The German government has taken a step towards overturning a moratorium on fracking in the country that has been in place since 2011. The new draft law allows fracking in shale and coal bed rock starting at a depth of 3,000 metres with fracking on shallower depths subject to an approval of a six-person expert panel, created explicitly for the purpose.
The development was welcomed by shale gas lobbies but caused anger among environmentalists.
“Fracking in shale and coal bed deposits is related to considerable risks for the water table and the stability of the subsoil. Allowing it now is incomprehensible,” Sascha Müller-Kraenner, federal managing director of the German environmental relief organisation Deutsche Umwelthilfe (DUH) told the Euracive portal.
“Instead of making efforts to research and support further fossil fuel resources in Germany, the German government should concentrate on consistent implementation of the Energiewende,” he said.
However, some politicians argue that the new measure is there to protect the environment, and is completely in line with the Energiewende – a German blueprint for transition towards greener economy, which comprises objectives such as fighting climate change, reducing energy imports, and ensuring energy security.
“It is important to have a legal framework for hydraulic fracturing as until now there has been no legislation on the subject,” Maria Krautzberger, president of Germany’s federal environment agency (UBA), told the Guardian.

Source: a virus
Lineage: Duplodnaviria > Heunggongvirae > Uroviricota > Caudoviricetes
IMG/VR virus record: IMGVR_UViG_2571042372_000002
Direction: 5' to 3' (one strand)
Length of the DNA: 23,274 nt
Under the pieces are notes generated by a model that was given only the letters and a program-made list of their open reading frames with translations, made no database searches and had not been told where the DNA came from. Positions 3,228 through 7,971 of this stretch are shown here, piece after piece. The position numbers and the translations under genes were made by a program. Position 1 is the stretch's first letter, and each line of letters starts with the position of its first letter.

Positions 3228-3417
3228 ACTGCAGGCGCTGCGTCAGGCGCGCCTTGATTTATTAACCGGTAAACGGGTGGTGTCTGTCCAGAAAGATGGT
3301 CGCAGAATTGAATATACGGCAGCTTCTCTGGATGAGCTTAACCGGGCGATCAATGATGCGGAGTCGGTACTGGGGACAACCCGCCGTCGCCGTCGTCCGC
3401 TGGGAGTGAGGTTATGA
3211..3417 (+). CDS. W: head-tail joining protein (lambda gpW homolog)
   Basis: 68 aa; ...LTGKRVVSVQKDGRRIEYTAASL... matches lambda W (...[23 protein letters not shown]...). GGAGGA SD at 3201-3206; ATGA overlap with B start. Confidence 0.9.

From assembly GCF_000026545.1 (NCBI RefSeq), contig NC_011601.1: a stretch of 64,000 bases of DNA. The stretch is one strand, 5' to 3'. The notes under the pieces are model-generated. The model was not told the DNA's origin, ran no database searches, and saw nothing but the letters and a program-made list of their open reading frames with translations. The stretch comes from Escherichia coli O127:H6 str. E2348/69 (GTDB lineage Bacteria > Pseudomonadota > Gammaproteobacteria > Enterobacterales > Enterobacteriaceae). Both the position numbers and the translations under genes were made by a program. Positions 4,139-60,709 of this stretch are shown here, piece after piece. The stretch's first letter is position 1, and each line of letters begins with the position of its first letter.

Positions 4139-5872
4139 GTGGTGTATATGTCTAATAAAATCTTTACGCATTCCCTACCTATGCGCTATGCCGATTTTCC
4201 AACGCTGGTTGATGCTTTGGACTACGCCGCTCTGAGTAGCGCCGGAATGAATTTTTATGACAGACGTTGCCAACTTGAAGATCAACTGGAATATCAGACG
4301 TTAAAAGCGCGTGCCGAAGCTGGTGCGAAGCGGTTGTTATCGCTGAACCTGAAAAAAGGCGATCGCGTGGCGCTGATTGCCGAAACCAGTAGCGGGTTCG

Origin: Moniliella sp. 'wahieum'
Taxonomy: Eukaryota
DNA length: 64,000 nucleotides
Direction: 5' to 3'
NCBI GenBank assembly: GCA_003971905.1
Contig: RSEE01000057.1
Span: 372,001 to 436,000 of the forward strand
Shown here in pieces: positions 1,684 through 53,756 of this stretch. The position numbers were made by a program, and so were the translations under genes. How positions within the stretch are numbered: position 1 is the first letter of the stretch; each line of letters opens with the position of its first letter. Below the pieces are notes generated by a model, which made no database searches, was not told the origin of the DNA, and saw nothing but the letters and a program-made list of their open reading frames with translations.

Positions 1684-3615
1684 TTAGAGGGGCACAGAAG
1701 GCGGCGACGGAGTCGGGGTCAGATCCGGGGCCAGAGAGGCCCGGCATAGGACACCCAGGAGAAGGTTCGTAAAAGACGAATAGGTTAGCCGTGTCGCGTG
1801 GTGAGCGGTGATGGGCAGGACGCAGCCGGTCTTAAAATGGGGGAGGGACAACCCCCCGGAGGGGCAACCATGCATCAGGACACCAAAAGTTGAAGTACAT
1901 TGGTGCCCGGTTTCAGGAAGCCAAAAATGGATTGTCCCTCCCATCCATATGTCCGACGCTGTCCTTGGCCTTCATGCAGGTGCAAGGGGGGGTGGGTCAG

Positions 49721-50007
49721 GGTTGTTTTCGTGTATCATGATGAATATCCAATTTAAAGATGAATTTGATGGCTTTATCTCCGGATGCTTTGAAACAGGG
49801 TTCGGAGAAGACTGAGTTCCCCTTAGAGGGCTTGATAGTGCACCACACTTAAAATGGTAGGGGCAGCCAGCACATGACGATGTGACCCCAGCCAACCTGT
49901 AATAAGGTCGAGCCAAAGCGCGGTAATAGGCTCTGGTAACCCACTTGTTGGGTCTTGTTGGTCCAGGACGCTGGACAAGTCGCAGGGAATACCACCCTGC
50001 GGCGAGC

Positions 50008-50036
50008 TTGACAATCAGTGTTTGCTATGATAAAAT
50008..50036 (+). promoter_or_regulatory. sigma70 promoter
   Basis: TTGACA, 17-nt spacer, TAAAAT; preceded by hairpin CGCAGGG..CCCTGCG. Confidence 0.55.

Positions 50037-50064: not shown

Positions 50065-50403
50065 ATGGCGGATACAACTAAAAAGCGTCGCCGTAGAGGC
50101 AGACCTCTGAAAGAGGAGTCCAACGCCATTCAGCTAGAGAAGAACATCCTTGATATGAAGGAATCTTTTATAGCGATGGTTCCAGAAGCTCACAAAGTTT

“We have had a voluntary agreement with the big companies that there would be no fracking but if a company like Exxon wanted, they might do it anyway as there is no way to forbid it,” she said. “This is a progressive step forward.”
According to a pro-shale lobby group, Shale Gas Europe, Germany has 2.3 trillion cubic metres of estimated domestic shale gas reserves, but the country – which is the economic powerhouse of Europe – relies in 40 per cent on imports of Russian gas. Developing domestic unconventional resources would certainly strengthen Germany’s energy security.
“The reality is that Germany needs to ensure security of supply,” said Marcus Pepperell, a spokesman for Shale Gas Europe. “That is what is driving the debate, and this is a pragmatic approach that allows Germany to respond to its energy requirements by exploring shale gas reserves with fracking.”
The law, which would only affect hydraulic fracturing for shale oil and tight gas in water protection and spring healing zones, is expected to be put to a vote in the Bundestag in May.
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